I have put together a list of the main book awards for children. Many of these are selected by teachers, librarians and children so they are always useful sources for you to refer to when choosing books for use in your teaching practice.
The Amazing Book Awards (Secondary)
A newish book award aimed at secondary school students. School librarians and publishers create the longlist and then students decide on the shortlist and the three winners (gold, silver and bronze).
This is a new set of awards with the shortlists chosen by booksellers and the winners decided by a public vote. The categories include Fiction, Non-Fiction and Breakthrough Author, but the one we’re interested in is the Children’s Award.
This award is decided by children. This prize has 2 categories – best story and best book with facts.
The BBA is awarded annually for an outstanding first book for ages 7 and up by a debut author. In recognition of the mentoring the author receives, the award is also presented to the book’s editor.
These illustrator and author awards are the USA’s most prestigious children’s book prizes and feature outstanding books that are usually available in the UK. These awards are definitely worth keeping an eye on for future classics.
Children’s Book Award (previously called the Red House Children’s Book Awards)
This award is voted for entirely by children and has 3 categories – younger children, younger readers and older readers.
These illustrator and author awards are the oldest and most prestigious children’s book awards in the UK and are judged by children’s librarians. You can also shadow the awards with your students via the official shadowing site. One book from the shortlist which reflects or celebrates personal rights and freedoms will also receive the Amnesty CILIP Honour Award.
The only award for children’s poetry books in the UK. The Centre for Literacy in Primary Education (CLPE) has a site for poetry called Poetryline which provides resources to accompany the shortlisted titles for the award.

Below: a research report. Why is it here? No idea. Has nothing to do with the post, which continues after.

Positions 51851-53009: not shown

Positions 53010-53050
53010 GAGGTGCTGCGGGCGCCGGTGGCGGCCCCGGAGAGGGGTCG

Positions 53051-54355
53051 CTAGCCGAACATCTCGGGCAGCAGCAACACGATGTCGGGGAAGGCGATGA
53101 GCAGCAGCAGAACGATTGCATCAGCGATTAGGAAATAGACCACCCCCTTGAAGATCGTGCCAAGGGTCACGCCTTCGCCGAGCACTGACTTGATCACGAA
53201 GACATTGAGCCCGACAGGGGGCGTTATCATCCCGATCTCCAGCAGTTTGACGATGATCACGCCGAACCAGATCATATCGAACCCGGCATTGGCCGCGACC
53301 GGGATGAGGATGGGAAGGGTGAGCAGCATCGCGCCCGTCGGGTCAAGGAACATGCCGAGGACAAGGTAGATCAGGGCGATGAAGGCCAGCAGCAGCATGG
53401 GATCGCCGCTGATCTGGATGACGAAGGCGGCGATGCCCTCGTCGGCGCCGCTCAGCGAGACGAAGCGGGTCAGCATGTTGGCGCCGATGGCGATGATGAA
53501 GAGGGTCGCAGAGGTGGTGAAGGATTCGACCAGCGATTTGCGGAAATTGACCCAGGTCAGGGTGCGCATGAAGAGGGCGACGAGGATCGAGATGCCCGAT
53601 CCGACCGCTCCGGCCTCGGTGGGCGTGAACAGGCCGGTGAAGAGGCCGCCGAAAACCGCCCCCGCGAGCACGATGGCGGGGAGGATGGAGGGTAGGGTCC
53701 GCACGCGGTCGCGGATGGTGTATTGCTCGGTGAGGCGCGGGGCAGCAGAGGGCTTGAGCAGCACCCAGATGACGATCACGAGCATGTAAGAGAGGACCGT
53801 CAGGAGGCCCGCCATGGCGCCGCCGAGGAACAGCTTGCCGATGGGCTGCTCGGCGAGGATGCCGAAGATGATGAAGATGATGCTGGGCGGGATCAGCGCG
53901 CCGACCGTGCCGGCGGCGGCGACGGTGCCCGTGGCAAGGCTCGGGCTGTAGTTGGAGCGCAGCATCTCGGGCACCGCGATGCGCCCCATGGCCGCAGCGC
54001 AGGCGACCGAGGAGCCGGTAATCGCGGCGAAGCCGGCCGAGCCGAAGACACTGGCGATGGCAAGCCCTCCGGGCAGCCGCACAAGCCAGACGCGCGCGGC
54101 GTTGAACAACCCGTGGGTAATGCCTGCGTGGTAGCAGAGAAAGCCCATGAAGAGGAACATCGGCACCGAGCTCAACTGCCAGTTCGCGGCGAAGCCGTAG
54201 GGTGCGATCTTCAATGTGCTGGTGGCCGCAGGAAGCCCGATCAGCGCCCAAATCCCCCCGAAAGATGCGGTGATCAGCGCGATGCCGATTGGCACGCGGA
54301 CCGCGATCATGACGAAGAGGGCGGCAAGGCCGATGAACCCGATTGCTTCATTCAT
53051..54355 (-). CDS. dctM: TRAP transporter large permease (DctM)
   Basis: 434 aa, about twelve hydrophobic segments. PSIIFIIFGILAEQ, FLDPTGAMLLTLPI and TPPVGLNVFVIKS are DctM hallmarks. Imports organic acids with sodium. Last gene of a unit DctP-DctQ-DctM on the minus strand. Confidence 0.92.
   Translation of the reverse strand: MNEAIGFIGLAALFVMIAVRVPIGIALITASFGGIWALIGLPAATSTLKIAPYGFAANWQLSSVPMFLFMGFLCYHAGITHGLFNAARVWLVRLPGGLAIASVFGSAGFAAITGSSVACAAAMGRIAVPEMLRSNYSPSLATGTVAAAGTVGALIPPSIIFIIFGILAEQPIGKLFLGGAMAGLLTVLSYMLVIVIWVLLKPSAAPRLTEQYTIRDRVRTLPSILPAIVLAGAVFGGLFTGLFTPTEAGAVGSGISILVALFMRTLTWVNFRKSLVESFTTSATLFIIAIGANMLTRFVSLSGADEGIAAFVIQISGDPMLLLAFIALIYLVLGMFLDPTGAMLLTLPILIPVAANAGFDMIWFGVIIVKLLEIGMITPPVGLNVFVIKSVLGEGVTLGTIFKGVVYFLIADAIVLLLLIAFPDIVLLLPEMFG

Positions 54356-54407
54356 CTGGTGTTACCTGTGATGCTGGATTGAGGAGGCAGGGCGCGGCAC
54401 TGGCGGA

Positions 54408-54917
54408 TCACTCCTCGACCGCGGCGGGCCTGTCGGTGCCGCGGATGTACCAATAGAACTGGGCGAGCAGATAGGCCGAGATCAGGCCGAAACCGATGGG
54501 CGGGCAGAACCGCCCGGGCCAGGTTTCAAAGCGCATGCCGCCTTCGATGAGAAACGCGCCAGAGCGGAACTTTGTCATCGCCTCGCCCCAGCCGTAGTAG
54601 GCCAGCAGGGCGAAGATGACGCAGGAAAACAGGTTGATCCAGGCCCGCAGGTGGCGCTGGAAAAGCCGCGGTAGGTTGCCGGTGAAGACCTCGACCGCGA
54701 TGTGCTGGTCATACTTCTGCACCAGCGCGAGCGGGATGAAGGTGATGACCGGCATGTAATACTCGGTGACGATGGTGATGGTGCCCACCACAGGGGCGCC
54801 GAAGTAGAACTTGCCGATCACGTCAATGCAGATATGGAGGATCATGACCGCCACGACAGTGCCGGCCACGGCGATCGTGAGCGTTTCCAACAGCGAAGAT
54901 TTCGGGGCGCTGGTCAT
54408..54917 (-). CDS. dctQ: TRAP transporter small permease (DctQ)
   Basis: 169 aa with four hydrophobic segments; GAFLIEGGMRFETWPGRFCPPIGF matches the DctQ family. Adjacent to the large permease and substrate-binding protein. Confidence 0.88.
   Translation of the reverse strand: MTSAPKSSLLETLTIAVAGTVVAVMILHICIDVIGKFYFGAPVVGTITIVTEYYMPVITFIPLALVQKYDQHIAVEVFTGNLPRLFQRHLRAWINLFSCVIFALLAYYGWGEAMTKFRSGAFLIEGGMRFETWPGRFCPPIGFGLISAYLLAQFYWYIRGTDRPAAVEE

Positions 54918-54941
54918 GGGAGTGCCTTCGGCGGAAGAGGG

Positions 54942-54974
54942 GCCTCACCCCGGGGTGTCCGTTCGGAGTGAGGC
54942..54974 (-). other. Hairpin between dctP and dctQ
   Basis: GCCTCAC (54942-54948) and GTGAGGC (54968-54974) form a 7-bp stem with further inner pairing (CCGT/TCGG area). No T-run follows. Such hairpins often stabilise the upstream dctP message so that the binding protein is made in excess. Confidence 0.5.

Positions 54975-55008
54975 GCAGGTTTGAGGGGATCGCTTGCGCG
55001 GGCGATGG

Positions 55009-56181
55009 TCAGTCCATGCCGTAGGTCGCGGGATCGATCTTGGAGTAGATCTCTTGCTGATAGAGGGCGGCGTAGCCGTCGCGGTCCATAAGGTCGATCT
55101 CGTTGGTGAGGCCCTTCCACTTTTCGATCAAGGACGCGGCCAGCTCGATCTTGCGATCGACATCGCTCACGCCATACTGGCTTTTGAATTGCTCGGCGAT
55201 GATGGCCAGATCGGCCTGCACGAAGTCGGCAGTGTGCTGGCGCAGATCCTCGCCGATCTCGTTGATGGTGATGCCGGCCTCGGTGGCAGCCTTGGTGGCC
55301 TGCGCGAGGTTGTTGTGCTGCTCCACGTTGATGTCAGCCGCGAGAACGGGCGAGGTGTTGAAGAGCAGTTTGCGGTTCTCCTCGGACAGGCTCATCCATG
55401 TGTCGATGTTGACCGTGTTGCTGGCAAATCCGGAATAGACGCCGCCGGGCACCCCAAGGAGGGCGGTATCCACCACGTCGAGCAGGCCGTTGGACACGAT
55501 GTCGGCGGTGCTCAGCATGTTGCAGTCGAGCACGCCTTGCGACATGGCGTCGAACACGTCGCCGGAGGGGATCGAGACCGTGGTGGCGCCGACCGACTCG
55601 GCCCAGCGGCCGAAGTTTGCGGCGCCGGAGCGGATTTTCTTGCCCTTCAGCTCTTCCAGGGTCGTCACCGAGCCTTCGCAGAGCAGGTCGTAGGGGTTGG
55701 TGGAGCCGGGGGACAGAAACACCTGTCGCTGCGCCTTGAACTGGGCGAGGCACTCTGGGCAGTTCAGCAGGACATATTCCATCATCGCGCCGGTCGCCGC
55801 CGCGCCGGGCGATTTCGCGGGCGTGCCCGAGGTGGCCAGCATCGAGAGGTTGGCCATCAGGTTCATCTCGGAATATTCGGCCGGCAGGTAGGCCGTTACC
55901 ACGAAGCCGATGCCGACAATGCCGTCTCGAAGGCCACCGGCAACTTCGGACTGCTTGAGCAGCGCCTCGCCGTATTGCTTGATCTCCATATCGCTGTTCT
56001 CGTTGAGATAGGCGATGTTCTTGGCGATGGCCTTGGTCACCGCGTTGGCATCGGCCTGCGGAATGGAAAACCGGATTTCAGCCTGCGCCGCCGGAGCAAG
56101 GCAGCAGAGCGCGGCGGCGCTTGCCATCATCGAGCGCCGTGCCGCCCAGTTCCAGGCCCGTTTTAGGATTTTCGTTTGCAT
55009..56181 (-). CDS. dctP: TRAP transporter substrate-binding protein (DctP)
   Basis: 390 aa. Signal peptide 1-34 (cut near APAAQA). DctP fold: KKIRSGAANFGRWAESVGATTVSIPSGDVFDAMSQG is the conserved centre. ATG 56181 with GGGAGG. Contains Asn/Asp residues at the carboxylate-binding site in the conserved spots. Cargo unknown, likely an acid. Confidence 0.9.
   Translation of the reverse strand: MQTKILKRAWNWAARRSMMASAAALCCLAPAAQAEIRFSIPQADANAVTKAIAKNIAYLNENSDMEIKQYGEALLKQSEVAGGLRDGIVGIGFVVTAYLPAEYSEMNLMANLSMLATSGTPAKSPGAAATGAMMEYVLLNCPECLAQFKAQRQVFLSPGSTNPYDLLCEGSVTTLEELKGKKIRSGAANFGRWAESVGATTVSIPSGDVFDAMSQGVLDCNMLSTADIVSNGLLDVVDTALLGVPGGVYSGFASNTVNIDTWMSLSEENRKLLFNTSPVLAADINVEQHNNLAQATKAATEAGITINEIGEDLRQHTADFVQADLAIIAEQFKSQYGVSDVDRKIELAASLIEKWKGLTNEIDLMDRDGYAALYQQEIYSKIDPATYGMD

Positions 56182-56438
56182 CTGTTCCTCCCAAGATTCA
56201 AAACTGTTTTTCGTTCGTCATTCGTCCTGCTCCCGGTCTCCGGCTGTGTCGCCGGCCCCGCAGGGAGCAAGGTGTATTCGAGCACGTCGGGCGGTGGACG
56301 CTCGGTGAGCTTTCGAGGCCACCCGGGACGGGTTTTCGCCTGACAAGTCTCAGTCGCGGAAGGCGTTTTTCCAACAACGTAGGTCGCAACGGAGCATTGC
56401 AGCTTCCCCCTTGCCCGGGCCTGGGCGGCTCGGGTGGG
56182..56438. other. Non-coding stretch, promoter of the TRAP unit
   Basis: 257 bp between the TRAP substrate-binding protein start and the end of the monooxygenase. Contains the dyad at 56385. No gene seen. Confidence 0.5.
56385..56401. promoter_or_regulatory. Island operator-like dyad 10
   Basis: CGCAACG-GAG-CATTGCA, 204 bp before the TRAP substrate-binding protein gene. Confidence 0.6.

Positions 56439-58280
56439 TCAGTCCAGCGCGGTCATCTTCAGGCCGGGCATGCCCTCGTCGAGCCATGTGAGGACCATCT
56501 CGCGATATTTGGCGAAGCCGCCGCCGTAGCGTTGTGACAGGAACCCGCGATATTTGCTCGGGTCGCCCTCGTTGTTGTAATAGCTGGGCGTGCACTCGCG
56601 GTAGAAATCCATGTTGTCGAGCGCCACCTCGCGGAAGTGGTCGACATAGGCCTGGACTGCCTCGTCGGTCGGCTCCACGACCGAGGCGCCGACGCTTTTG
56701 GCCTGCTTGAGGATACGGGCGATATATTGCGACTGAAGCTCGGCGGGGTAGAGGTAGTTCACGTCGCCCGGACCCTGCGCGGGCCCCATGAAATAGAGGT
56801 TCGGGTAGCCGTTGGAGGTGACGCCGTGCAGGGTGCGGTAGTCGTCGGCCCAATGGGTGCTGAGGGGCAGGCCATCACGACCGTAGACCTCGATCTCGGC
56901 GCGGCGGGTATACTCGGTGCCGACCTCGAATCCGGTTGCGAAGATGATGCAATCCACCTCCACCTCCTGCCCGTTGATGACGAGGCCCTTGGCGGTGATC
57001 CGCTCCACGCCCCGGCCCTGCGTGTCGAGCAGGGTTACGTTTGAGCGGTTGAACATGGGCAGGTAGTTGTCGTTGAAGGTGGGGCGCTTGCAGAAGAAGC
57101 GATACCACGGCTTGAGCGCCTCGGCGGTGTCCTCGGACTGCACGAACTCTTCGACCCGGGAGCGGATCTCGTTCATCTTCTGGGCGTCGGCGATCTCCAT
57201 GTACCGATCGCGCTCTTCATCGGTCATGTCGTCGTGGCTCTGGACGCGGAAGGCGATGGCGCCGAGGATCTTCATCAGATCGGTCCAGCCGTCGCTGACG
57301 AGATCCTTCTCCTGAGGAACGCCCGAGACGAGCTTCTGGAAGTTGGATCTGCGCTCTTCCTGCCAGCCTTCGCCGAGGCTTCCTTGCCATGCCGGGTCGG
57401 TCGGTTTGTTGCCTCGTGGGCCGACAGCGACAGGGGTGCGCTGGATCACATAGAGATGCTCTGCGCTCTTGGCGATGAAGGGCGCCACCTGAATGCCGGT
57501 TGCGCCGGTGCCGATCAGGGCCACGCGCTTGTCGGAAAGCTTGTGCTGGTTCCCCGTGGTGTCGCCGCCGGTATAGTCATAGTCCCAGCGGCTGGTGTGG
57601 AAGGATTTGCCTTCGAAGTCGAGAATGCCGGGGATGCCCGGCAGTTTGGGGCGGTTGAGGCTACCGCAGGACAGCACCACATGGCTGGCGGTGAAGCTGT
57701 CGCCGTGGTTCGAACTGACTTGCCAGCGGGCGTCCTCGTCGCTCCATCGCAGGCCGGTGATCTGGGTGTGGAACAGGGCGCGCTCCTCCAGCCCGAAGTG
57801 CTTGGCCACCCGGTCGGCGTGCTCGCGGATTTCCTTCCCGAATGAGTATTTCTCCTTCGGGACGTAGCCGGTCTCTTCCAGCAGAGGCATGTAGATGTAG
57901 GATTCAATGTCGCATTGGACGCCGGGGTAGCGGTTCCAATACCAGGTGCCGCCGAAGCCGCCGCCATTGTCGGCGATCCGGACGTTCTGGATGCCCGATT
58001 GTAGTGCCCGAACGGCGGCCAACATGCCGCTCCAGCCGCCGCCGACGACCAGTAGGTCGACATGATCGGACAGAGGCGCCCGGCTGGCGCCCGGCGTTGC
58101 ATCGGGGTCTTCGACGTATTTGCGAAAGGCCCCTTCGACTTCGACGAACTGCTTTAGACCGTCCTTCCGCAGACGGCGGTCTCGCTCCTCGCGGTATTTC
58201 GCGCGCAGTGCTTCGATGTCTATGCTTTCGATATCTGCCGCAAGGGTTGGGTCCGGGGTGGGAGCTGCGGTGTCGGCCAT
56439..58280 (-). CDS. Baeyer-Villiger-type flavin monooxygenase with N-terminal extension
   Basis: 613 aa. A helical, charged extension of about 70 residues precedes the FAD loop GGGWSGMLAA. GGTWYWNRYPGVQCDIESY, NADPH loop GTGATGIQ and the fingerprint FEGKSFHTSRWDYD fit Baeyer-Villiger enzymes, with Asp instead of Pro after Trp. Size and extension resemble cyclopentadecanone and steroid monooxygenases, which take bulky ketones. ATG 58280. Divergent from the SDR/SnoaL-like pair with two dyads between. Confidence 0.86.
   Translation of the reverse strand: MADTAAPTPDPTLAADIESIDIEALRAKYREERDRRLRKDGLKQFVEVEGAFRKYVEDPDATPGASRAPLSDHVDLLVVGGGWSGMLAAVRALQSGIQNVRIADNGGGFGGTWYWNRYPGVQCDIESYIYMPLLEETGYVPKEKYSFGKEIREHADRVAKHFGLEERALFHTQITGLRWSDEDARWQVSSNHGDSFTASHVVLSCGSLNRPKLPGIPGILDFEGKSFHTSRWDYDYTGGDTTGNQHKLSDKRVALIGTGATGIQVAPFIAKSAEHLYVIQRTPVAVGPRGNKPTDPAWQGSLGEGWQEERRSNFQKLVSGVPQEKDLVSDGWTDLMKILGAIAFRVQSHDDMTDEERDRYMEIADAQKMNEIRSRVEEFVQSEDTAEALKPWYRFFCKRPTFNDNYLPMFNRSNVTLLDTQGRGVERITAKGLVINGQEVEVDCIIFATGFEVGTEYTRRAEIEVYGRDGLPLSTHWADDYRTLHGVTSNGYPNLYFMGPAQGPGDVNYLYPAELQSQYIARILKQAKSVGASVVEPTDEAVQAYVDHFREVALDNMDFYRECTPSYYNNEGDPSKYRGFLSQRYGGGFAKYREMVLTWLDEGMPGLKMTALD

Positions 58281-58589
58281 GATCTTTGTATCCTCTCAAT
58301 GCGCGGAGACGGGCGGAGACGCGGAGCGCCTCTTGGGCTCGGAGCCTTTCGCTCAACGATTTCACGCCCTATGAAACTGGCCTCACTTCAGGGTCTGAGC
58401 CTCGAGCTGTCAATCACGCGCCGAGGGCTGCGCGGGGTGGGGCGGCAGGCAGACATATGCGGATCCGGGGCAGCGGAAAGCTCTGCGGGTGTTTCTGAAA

This is the only prize which is part of an adult book awards group. The Costa Book Award has a category for children’s books and honours the most outstanding book written by an author based in the UK and Ireland.
The East Sussex Children’s Book Award, which is run by East Sussex Libraries, is aimed at children aged 8 to 11. Once the shortlist is revealed, children can cast their votes and decide which book wins.
This prize recognises outstanding non-fiction books which broadens the horizons of young readers. The 2015 Award focused on books for 5-11 year olds, published in 2013 and 2014.
This award for outstanding picture books is awarded for both fiction and non-fiction in two age ranges – 4-7 and 7-11. The winning books are chosen by the editorial board of English 4-11, the journal for primary teachers published by the English Association and the United Kingdom Literacy Association, from a shortlist selected by a panel of teachers.
An American annual children’s science picture book award. The book must be a children’s science picture book written in the English language and published within five years of the award date and serve children between ages 4-8. The book must teach its young reader at least one important scientific principle well, or encourage the reader toward specific science-related attitudes, pursuits, or inquiries. The book’s artwork, illustrations, photographs, or graphics must work in harmony with the text to tell an important story well. The text must have a story with a plot and characters. Past winners include Laura Vaccaro Seeger (2013) and Jason Chin (2010). The website has clear synopses describing visual, literary and science features and how they support each other.